JL: There’s a line in the play that I stole from a drag queen called Doreen Kumkwick; ‘A queen’s best friend is a brick in her handbag’ – and it’s true. We build up this mythology about these queens taking all the hard knocks, and that’s what makes them fabulous. But you shouldn’t then forget that those hard knocks happened, and we should question why that happens. And why do we, as queer people, have this attraction to men who will hurt us? Why is it in our nature to do that?

PS: I guess if you’ve gone through school and people pick on you for being gay, you’re bound to think it’s normal.

JL: It’s a funny combo, isn’t it? It’s something I’ve always had. I was never horribly bullied in school, but I was always reminded that I was different. My nickname was ‘Fat Gay Author’, which kinda lacks juge, really! [Laughs]

PS: [Laughs] I was gonna say, it’s almost a compliment.

JL: Well, it’s true. I was fat, I was gay and I was a writer! I still am! [Laughs] So, I went through all of that in school and grew up with a hankering for a scally.

PS: Hence, the character of Mo.

JL: Hence Mo! The uber masculine idiot on Concert Square with too many tattoos and his jeans are too tight. He walks like he’s carrying two tellies under his arms. Absolute fucking idiot numbskull, but, yes please, stand on my head! [Laughs] I grew up with that all around me. It was the thing I was told I would never be, so I felt the need to grab it in some way. If you get one in your bed and make them happy for ten minutes, somehow there is an affirmation that makes you feel a little bit better about yourself. But all its doing is keeping that cycle going, and keeping that power over you. I think a lot of queer people become addicted to it, which is where Pearl comes from, and Cherry. Before the play, that’s what Heidi’s gone through, but Heidi has gotten to a point of self-examination where she says ‘No! I’m better than that, and I need to move on from this.’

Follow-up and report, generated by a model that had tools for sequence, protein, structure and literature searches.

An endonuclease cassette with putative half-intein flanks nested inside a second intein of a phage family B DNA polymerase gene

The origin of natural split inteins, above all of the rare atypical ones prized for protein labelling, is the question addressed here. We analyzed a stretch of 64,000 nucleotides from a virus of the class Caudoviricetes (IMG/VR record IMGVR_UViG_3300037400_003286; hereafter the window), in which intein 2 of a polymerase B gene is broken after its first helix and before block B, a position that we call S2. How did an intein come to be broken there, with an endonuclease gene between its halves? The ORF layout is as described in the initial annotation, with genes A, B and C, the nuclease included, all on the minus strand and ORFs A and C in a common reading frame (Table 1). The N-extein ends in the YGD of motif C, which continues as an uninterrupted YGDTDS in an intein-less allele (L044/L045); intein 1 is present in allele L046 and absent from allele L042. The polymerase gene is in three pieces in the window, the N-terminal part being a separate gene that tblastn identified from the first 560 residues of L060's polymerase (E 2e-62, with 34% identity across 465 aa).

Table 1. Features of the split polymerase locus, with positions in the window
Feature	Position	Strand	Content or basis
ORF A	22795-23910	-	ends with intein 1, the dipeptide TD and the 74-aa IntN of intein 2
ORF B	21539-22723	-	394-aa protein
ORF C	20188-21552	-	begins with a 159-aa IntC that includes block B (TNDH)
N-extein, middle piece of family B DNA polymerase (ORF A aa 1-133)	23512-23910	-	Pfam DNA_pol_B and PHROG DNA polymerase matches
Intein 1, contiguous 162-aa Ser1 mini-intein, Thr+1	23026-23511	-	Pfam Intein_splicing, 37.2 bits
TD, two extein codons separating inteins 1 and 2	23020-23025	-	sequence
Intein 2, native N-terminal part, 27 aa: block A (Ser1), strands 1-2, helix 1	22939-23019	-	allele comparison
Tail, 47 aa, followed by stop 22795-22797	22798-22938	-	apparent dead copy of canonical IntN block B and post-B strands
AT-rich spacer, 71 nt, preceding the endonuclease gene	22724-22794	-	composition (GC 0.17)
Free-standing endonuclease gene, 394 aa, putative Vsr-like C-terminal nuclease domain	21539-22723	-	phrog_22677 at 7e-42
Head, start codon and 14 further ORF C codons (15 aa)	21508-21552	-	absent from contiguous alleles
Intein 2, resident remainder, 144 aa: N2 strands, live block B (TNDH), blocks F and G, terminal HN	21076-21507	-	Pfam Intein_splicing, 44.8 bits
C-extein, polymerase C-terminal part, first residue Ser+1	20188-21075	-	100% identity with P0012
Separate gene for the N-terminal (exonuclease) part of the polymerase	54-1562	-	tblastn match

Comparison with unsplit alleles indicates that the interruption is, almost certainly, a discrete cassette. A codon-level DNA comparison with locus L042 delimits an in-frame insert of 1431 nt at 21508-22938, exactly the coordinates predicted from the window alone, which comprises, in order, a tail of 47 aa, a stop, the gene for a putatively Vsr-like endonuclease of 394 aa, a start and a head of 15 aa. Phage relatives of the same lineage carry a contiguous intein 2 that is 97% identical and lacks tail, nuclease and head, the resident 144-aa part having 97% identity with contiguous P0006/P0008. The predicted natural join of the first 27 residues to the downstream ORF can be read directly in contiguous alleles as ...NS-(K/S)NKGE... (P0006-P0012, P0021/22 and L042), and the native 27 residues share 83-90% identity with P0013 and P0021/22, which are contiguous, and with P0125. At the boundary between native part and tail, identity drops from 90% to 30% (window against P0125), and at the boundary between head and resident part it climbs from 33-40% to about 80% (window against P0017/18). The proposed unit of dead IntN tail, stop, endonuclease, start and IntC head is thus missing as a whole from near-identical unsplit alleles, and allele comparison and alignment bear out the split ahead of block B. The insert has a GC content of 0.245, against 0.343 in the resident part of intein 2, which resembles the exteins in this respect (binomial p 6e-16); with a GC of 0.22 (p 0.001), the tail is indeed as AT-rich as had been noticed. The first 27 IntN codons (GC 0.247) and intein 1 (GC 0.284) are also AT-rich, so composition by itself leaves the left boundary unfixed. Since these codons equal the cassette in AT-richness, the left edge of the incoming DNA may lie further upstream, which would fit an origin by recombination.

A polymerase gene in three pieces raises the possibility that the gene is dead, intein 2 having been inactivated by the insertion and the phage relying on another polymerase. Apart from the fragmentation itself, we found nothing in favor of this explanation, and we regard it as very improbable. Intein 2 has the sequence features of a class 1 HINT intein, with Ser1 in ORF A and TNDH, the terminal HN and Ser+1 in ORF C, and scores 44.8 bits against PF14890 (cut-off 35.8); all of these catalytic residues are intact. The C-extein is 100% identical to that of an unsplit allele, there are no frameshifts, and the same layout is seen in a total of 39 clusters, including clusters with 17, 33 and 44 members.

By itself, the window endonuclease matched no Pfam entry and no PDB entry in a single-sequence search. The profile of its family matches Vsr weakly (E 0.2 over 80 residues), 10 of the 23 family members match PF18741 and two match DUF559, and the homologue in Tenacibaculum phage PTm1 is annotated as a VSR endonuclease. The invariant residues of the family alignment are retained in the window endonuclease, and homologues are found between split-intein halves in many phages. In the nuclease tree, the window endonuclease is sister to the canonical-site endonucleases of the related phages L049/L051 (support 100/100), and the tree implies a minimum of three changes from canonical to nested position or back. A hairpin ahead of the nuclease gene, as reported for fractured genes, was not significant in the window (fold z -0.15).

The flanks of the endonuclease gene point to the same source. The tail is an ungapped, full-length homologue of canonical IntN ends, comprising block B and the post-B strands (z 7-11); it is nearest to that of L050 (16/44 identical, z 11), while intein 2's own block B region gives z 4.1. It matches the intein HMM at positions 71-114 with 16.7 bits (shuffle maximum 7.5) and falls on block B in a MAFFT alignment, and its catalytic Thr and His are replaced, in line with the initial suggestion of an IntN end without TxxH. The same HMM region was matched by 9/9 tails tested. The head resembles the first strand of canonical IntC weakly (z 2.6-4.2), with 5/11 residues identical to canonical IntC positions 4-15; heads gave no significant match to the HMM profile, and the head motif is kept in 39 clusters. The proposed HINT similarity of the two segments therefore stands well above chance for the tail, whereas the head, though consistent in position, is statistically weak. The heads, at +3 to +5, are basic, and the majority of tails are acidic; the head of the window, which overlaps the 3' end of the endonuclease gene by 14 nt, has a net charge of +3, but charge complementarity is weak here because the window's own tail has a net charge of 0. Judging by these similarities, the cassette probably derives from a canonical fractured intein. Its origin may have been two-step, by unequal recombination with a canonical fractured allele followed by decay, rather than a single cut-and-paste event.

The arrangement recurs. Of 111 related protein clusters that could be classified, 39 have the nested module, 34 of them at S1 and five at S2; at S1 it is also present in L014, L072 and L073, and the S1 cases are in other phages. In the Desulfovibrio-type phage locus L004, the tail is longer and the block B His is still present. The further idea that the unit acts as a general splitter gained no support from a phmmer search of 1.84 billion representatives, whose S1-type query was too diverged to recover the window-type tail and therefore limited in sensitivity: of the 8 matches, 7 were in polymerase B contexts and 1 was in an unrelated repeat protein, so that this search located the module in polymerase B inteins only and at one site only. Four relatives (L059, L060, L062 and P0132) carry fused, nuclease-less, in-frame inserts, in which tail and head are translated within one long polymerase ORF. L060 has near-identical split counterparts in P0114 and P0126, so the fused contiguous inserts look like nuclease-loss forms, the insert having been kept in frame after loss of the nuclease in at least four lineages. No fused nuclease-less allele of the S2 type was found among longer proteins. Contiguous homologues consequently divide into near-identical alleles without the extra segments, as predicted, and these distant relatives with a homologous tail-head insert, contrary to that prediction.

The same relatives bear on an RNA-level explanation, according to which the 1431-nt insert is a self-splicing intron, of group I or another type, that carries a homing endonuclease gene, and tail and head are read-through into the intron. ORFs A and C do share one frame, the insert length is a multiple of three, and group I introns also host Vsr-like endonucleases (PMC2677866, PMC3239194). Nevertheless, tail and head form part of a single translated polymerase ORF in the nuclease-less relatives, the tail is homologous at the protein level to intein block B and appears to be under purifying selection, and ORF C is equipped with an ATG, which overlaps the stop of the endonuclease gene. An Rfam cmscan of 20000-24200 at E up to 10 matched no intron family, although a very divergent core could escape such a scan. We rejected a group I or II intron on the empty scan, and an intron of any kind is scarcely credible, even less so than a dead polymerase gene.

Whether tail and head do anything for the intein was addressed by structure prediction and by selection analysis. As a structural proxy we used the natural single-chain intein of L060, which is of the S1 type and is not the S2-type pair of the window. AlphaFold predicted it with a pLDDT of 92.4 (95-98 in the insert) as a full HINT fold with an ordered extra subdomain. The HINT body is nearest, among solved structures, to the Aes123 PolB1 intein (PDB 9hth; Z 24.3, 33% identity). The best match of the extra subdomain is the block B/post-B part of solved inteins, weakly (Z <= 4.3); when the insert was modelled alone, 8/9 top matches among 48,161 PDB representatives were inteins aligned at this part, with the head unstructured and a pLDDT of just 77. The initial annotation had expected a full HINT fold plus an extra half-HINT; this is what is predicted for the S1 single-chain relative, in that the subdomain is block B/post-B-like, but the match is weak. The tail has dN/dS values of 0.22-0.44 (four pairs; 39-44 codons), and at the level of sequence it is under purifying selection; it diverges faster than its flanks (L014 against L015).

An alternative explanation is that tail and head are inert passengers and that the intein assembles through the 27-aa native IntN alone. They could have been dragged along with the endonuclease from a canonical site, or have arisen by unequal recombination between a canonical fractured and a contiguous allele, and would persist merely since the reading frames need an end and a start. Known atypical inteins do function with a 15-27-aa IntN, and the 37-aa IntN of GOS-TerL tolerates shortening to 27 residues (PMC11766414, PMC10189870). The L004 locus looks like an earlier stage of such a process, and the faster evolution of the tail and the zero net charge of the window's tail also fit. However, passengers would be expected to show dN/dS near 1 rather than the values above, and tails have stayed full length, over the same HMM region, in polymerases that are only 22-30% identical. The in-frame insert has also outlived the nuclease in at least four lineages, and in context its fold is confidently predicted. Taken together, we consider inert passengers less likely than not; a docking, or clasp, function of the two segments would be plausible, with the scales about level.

PS: I felt one of the themes was a generation gap. It seems to boil down to terminologies, but when all that bullshit was washed away at the end, Cherry and Pearl realise that they have been through the same shit. Do you think that there is a big generation gap within our community right now?

JL: I’m 40. I’ve got mates who are 50+, I’ve got mates who are in their 20s and I see the gap between those two generations. You’ve got the older queens saying ‘You don’t know what we went through, you’ve got a charmed life compared to us’, and then you’ve got the younger queens saying ‘You can’t use that pronoun to describe me because the world’s different now, we’re moving forward and you’re a relic of the past’. None of them are ever in the same physical space. I think social media has got a large part to play in it.

PS: Well, again, this is another thing; there is a moment when Pearl has been attacked, where they are posting about it on social media. I was attacked last year, and one of the first things I did was put it on social media. I didn’t know why I did it at the time, but then the love and support I got the next day really did help.

JL: And that’s real.

PS: The older characters are looking down on Pearl. But to Pearl that’s real, because that’s their world.